Haltwhistle Station in Northumberland was very fortunate to escape the mass demolition and substitution with bus shelters that was the fate of many of the stations in the Tyne Valley. The Old Booking Hall, Signal Box, Water Tower, and Waiting Rooms still remain. The Old Booking Office has become the Education Centre for the Tyne Valley Community Rail Partnership (TVCRP).
In playing a role within the community the Old Booking Hall is available for use by local groups. Every Wednesday afternoon the Platform Painters, a group of seven octogenarians, meet to paint. “We are trying to get with it before we are past it!”. The Old Booking Hall is an ideal meeting place, nice and warm with a kitchen and toilets. The Platform Painters consist of Wendy, Susan, Lorna, Katrina, Heather and Tom, the eldest who is 94 years old, who have joined the TVCRP officially.
Last November, in time for the Armistice Day celebrations, all the 14 stations on the line had a display of hand knitted poppies. The Platform Painters joined in and provided a painting of a skylark for each station referencing the World War One poems about the skylarks heard in the trenches between bombardments. These paintings have been preserved to use again next year.
Thanks to ACoRP, who provided the tracking, the room can be used for exhibitions as the paintings can be mounted. The work of the Platform Painters was on display for a week last year and during the busy late night Christmas shopping event held in November.
In the glorious heat wave in February the Platform Painters went outside with their easels and sat in the entrance courtyard and painted the Water Tower. Once the weather gets a little warmer they plan to go outside more and paint the other aspects of the station.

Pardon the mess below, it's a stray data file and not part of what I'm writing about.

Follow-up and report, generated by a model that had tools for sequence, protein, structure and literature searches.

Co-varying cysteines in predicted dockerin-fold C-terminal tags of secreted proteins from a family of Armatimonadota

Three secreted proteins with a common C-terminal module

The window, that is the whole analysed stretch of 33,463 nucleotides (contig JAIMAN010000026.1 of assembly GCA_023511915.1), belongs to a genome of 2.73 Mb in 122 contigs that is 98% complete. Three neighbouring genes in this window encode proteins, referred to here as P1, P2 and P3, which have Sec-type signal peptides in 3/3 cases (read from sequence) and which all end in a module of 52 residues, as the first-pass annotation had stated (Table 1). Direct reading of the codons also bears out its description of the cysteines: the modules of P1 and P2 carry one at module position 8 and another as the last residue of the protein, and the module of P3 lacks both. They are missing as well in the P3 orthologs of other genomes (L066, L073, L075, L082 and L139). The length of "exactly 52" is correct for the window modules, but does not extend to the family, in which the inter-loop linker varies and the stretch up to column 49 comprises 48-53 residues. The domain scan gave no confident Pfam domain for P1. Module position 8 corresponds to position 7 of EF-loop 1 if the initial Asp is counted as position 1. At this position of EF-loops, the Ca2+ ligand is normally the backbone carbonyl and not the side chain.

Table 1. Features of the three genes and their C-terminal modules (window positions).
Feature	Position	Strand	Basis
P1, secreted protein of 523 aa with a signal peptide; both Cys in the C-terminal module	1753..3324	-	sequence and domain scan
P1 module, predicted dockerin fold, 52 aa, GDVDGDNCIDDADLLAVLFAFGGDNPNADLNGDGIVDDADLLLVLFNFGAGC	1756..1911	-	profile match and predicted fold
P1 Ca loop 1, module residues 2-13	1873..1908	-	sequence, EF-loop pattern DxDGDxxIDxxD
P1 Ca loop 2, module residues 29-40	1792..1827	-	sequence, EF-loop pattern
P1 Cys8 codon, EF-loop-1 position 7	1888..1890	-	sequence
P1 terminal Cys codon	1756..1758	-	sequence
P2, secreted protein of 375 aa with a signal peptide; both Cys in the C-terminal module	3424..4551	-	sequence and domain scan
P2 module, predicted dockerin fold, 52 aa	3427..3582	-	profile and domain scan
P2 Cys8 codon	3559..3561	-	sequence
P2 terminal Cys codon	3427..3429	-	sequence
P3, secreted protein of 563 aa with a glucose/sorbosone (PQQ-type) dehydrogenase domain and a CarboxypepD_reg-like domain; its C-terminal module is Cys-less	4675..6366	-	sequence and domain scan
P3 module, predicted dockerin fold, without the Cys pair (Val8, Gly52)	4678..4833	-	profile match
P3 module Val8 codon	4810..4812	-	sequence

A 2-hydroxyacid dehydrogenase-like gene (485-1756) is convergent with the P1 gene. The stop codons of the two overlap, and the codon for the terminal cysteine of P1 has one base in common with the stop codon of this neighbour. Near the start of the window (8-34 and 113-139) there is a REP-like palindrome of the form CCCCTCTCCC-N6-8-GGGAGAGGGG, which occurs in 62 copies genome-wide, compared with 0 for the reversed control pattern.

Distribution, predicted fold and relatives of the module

The Platform Painters are also taking part in ACoRP’s Community Rail in the City event in May, at Glasgow Central Station. In order to boost the number of passengers using the line, along with posters and publicity material, there will be a model of the Roman Wall. The Platform Painters will be painting the stones of the Wall to make them look realistic. “Not easy, but fun”. It is hoped the Wall will catch the eye of the Glasgow commuters during the event and tempt them south to visit the real thing – by train, of course.
The Platform Painters also act as ambassadors for Northern, passengers often call in looking for a toilet or to buy a ticket. They are very busy if the train is ever cancelled. There are also a number of visitors as Haltwhistle is a good place to reach the Roman Wall. One lady from Australia recognised a painting of the Blue Mountains which hangs on the wall of the Booking Office.
It is interesting to know what uses former railway buildings have been put to. Art and the sound of the trains passing blend in well. “Painting is freedom” and this happy group who “always have a laugh together”, have put fresh life into the station building. If you are ever in Haltwhistle do pop down and visit the Platform Painters. Ask them when the next train to Carlisle is? …They know the timetable off by heart.